For all of the media’s hyperventilating about the GOP’s “culture war,” most Republicans show little to no interest in fighting it. In truth, the “culture war” is hopelessly one-sided, pitting tenacious Democrats against irresolute or decadent Republicans. Take Nancy Pelosi’s recent gay marriage bill. It passed in the House of Representatives not in spite of the GOP but in part because of it: 47 Republicans, including members of GOP leadership, joined the Democrats in supporting the bill.
Imagine the cries of horror from the media and the Democratic base if 47 Democrats ever voted for a piece of GOP legislation on a crucial social issue. That’s inconceivable. The Democrats never wave the white flag in the culture war. But the GOP can’t even summon the energy to back Bill Clinton’s Defense of Marriage Act. That’s now considered an “extreme” stance by many GOP elites.
What makes it easy for Republican leaders and strategists to exploit the religious right without losing it is that Christians have nowhere else to go.
Brendan Buck, a former top aide to Paul Ryan and John Boehner, tweeted out gloatingly to his woke GOP friends after Pelosi’s bill passed, “I don’t know what Senators need to hear this, but it’s safe to support gay marriage in the year 2022. You’re gonna be okay.” Sadly, he is probably right. Even though the GOP’s platform has long said that the preservation of the traditional family is central to the common good, its leaders clearly don’t believe that anymore and will do nothing to deter those who voted for Pelosi’s bill. Among the Republicans who supported it are GOP leaders Elise Stefanik, Tom Emmer, and House Freedom Caucus Chair Scott Perry.
As Politico put it in 2021, “The Republican Party has moved on from one of the most seminal culture war debates, even as evangelicals fume.” The story noted that Republican National Committee Chair Ronna McDaniel sends out “Pride Month” tweets and that plans are afoot to change the condemnation of gay marriage in the party’s platform. It quoted an unnamed Republican official who said that a “vamped up effort” to revise the 2024 platform is underway.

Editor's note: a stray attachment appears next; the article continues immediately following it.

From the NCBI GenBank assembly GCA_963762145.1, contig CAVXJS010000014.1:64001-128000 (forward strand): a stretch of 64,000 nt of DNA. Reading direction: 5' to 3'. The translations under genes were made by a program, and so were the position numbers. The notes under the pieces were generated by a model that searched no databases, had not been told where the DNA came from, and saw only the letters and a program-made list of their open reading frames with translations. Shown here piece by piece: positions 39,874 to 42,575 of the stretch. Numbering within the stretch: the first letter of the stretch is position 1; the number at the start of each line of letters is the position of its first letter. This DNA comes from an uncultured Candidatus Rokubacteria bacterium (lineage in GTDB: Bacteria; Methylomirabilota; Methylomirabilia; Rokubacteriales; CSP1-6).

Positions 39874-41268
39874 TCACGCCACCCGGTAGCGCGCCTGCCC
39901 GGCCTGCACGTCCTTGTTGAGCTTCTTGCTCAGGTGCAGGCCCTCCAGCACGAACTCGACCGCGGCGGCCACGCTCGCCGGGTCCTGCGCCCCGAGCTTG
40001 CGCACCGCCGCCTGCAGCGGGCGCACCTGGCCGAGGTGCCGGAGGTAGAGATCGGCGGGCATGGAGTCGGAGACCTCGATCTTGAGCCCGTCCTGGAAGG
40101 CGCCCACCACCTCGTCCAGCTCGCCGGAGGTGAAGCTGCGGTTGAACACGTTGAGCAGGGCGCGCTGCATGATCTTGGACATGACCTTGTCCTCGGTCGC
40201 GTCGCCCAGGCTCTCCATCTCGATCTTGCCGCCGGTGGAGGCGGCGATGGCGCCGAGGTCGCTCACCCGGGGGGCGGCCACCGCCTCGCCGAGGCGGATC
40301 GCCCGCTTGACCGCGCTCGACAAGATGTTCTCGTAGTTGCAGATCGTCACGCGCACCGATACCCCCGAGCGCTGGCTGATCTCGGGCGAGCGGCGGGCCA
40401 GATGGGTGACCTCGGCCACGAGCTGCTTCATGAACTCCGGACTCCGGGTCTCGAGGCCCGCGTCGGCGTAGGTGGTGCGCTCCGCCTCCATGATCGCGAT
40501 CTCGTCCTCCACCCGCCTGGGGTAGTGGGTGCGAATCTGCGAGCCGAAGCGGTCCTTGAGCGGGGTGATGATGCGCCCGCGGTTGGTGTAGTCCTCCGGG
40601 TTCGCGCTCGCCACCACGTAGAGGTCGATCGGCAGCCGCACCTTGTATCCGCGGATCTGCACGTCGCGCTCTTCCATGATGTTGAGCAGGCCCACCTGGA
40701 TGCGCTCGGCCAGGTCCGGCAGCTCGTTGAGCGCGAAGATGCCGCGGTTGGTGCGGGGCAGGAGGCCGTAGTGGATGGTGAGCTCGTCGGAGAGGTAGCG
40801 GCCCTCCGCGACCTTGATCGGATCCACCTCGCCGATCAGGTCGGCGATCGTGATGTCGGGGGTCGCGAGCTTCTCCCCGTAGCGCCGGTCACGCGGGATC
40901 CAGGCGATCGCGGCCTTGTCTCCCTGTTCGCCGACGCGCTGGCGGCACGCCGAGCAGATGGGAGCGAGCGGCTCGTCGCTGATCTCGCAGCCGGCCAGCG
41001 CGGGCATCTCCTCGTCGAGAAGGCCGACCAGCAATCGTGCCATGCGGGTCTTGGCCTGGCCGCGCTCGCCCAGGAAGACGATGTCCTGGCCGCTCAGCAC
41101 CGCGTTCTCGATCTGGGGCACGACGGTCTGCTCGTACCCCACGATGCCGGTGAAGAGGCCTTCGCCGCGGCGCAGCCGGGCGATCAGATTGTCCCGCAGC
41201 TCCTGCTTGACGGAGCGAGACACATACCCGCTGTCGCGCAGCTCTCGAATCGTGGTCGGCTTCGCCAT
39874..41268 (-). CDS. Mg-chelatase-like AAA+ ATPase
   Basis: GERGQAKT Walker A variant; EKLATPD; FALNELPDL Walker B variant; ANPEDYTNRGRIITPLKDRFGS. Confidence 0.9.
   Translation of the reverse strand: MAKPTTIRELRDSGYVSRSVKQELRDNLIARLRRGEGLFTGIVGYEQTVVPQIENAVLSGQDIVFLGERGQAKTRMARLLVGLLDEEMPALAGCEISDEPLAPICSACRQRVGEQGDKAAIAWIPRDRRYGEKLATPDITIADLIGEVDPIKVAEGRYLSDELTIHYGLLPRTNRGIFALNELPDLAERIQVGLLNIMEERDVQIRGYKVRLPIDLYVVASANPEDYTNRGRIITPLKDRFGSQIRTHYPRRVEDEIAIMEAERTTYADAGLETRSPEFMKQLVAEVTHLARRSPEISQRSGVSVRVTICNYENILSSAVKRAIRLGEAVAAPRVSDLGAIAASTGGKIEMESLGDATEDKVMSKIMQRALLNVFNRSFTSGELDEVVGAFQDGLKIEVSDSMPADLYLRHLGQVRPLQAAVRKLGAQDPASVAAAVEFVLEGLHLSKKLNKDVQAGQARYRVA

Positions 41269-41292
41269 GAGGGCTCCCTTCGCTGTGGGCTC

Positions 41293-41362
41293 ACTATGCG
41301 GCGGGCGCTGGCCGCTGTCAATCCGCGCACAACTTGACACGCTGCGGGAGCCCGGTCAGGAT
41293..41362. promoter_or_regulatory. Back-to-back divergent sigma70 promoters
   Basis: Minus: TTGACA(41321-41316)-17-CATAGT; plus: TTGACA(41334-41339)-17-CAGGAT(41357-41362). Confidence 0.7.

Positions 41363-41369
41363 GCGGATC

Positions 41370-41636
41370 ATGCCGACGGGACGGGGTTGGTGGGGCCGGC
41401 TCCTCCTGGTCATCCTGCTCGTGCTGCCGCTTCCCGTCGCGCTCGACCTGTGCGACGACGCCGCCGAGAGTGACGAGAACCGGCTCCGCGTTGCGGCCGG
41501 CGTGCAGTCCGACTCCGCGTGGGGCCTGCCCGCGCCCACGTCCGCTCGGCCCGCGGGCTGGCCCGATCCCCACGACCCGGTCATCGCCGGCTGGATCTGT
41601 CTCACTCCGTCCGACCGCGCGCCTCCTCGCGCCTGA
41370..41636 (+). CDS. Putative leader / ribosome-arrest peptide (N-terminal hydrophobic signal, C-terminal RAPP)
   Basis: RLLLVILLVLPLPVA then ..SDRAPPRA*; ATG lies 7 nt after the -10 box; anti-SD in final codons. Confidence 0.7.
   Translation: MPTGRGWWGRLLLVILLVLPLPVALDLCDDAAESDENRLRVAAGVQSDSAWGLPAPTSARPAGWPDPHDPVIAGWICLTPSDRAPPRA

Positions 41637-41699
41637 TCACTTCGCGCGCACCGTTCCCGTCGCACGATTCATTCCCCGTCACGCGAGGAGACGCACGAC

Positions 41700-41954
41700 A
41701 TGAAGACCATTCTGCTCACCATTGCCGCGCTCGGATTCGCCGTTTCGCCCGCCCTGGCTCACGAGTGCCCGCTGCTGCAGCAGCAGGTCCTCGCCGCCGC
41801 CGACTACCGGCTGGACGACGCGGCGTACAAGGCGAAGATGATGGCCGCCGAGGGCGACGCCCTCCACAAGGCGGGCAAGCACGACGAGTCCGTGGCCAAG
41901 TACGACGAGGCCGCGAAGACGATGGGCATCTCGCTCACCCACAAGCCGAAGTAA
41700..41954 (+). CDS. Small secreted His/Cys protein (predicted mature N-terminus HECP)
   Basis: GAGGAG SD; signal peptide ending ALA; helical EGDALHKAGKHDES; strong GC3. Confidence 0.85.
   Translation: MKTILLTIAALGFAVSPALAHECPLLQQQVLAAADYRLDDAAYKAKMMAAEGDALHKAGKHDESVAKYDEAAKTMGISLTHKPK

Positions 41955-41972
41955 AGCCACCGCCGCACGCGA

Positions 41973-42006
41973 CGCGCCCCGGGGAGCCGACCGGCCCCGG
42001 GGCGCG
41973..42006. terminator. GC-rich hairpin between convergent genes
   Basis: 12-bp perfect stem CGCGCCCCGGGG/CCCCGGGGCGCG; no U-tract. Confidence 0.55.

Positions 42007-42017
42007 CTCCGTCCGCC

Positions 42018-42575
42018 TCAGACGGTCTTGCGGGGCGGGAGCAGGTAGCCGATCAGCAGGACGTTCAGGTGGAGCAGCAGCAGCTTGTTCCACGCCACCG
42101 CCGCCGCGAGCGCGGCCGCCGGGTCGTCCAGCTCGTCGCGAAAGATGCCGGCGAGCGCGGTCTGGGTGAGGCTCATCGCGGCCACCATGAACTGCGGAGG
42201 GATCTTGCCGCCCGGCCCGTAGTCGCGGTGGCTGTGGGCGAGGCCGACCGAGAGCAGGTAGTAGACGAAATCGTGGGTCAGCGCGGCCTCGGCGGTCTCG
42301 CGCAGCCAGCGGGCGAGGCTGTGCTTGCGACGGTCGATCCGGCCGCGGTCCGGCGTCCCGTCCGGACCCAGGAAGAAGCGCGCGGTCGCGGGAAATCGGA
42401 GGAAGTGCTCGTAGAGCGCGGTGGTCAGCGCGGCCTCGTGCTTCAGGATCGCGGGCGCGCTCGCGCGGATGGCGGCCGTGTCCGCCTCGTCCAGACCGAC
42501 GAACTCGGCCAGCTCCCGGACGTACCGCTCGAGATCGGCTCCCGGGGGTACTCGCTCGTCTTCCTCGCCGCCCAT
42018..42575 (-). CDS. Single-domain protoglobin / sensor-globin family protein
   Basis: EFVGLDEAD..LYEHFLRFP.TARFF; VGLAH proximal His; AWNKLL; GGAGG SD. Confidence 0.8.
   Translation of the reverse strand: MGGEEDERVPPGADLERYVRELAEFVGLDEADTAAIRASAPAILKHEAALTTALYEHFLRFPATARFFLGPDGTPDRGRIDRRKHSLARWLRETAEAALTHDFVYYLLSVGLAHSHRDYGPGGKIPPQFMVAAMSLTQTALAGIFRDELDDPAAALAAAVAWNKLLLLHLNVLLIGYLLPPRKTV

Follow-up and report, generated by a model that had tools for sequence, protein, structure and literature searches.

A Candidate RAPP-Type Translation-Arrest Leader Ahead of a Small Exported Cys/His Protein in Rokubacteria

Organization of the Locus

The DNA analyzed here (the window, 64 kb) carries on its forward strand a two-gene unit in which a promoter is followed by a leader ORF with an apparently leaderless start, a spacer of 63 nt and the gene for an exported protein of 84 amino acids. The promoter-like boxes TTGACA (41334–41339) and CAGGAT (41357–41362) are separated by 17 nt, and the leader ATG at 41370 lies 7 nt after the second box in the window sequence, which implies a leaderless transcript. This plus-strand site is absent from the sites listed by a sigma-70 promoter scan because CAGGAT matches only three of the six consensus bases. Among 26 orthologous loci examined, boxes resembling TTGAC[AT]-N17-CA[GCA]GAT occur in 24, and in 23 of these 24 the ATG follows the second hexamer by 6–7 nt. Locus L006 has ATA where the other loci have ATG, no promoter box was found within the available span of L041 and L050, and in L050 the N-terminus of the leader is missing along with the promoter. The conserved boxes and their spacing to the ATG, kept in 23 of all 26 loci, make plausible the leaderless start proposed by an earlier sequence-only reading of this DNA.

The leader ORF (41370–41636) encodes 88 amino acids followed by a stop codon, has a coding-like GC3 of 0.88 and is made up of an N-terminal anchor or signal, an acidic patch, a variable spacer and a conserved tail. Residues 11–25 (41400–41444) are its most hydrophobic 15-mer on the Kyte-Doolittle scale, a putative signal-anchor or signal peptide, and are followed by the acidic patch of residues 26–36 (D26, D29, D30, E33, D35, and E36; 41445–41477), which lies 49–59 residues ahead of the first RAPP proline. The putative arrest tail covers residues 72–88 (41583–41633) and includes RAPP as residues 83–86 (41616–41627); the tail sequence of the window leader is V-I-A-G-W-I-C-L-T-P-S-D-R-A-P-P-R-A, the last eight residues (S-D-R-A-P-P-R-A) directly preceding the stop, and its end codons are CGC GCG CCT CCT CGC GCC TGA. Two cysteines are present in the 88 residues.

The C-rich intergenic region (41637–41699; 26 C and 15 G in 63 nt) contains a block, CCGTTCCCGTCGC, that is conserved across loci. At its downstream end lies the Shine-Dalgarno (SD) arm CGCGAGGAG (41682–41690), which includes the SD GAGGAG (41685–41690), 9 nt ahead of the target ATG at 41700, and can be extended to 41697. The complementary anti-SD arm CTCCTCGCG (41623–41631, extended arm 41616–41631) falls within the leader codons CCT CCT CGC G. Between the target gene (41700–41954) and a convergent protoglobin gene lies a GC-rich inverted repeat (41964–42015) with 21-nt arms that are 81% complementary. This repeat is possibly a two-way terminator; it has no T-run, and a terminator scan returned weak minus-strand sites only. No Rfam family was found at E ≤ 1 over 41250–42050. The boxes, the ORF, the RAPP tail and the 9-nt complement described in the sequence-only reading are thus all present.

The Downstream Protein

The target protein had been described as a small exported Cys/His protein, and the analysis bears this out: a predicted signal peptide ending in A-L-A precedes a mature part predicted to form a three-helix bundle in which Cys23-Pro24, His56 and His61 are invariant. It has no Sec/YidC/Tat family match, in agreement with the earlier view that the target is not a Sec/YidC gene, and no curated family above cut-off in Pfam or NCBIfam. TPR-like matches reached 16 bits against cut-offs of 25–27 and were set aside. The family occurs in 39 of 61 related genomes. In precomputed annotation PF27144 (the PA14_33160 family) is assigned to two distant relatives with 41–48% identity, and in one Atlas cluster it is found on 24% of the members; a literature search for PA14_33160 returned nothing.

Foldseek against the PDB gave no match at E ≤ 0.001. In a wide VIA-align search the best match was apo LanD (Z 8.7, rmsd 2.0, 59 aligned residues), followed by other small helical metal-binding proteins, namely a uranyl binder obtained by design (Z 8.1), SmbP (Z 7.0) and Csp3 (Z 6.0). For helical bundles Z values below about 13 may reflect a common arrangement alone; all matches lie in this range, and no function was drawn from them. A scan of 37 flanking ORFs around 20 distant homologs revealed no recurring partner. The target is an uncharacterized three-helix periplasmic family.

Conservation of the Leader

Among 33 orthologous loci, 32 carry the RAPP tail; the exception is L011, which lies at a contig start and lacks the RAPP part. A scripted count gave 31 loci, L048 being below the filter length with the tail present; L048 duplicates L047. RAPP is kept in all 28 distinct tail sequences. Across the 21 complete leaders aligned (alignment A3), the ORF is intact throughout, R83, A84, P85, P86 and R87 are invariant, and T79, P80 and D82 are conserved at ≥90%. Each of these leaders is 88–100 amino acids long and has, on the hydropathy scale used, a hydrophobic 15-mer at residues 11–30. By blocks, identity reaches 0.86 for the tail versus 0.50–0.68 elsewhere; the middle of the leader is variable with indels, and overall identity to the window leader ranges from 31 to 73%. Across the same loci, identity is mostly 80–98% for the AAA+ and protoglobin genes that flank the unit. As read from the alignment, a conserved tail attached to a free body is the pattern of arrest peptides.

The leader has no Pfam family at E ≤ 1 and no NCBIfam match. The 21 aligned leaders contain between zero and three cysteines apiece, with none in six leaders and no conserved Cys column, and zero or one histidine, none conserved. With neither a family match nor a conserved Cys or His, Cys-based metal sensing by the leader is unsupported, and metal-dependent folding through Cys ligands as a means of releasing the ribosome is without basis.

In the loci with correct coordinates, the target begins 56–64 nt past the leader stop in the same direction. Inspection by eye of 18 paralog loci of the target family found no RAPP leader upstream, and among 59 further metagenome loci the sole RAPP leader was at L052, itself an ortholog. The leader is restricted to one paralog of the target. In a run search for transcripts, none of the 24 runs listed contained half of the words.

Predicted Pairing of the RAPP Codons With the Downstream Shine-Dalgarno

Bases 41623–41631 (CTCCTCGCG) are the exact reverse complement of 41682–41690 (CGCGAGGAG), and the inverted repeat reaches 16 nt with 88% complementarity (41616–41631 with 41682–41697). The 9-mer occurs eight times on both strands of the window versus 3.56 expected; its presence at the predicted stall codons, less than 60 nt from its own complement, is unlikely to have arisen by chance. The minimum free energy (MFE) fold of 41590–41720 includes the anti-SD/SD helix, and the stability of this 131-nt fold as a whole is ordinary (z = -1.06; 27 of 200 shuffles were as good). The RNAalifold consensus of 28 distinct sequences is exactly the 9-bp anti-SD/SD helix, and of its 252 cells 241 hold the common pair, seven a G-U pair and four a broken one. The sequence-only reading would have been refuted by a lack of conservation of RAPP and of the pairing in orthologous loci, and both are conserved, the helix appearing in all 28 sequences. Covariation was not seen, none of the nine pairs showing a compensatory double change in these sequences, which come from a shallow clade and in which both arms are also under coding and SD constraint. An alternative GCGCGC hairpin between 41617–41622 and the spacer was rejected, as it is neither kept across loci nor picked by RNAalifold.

Meanwhile, five Senate Republicans have already announced that they will support the Senate’s version of Pelosi’s gay marriage bill: Ron Johnson, Rob Portman, Thomas Tillis, Susan Collins, and Lisa Murkowski. Other Senate Republicans sound like they are leaning toward supporting the bill. “I’m keeping a very open mind,” says Senator Joni Ernst of Iowa. “I have a good number of very close friends that are same-sex married.” The Senate Democrats have been emboldened by the number of House Republicans who supported gay marriage.
Once again, the religious right finds itself out of luck. The GOP secure its votes, then scoffs at its values. Speaking to a Christian forum in Iowa recently, Fox News host Tucker Carlson said that the GOP leadership class views Evangelicals as “freaks” even though they provide “manpower, a lot of the money, all the genuine, excited non-cynical political energy” in the party.
Of course, GOP leaders have been conning the religious right for years. Karl Rove and company got George W. Bush reelected in 2004 on the promise to “values voters” that he would fight gay marriage. In subsequent years, they didn’t lift a finger to fight it. It came out later that Bush’s political director during that period, Ken Mehlman, is a gay-rights activist. For all of his “Born Again” Christian talk, Bush has almost no interest in the culture war, as evident in the fact that he couldn’t even bring himself to issue a press release praising Samuel Alito, his appointment to the court, for toppling Roe v. Wade. (Bush deserves credit for Alito, though his first choice was Harriet Miers, who surely wouldn’t have voted against Roe.)
What makes it easy for Republican leaders and strategists to exploit the religious right without losing it is that Christians have nowhere else to go. They have to content themselves with the crumbs that fall from the GOP table. And because the positions of the Democrats are increasingly outlandish, it takes less and less for a Republican leader to appear like a “culture warrior” against them. The media slaps that moniker on almost any Republican who even slightly deviates from wokeness. But most of those Republicans don’t oppose the LGBTQ movement in principle. They accept the subjectivism underlying it. They just wince at some of its most obvious excesses and balk at the speed of the movement’s unfolding.
Many Republicans today are to the left of where Bill Clinton and moderate Democrats stood in the 1990s. The bipartisan passage of Pelosi’s bill is a depressing measure of how much ground the GOP has lost since the days of “Don’t Ask, Don’t Tell” and the Defense of Marriage Act. Far from winning the culture war, the GOP is eking out minor victories in minor battles fought deep within liberal territory.
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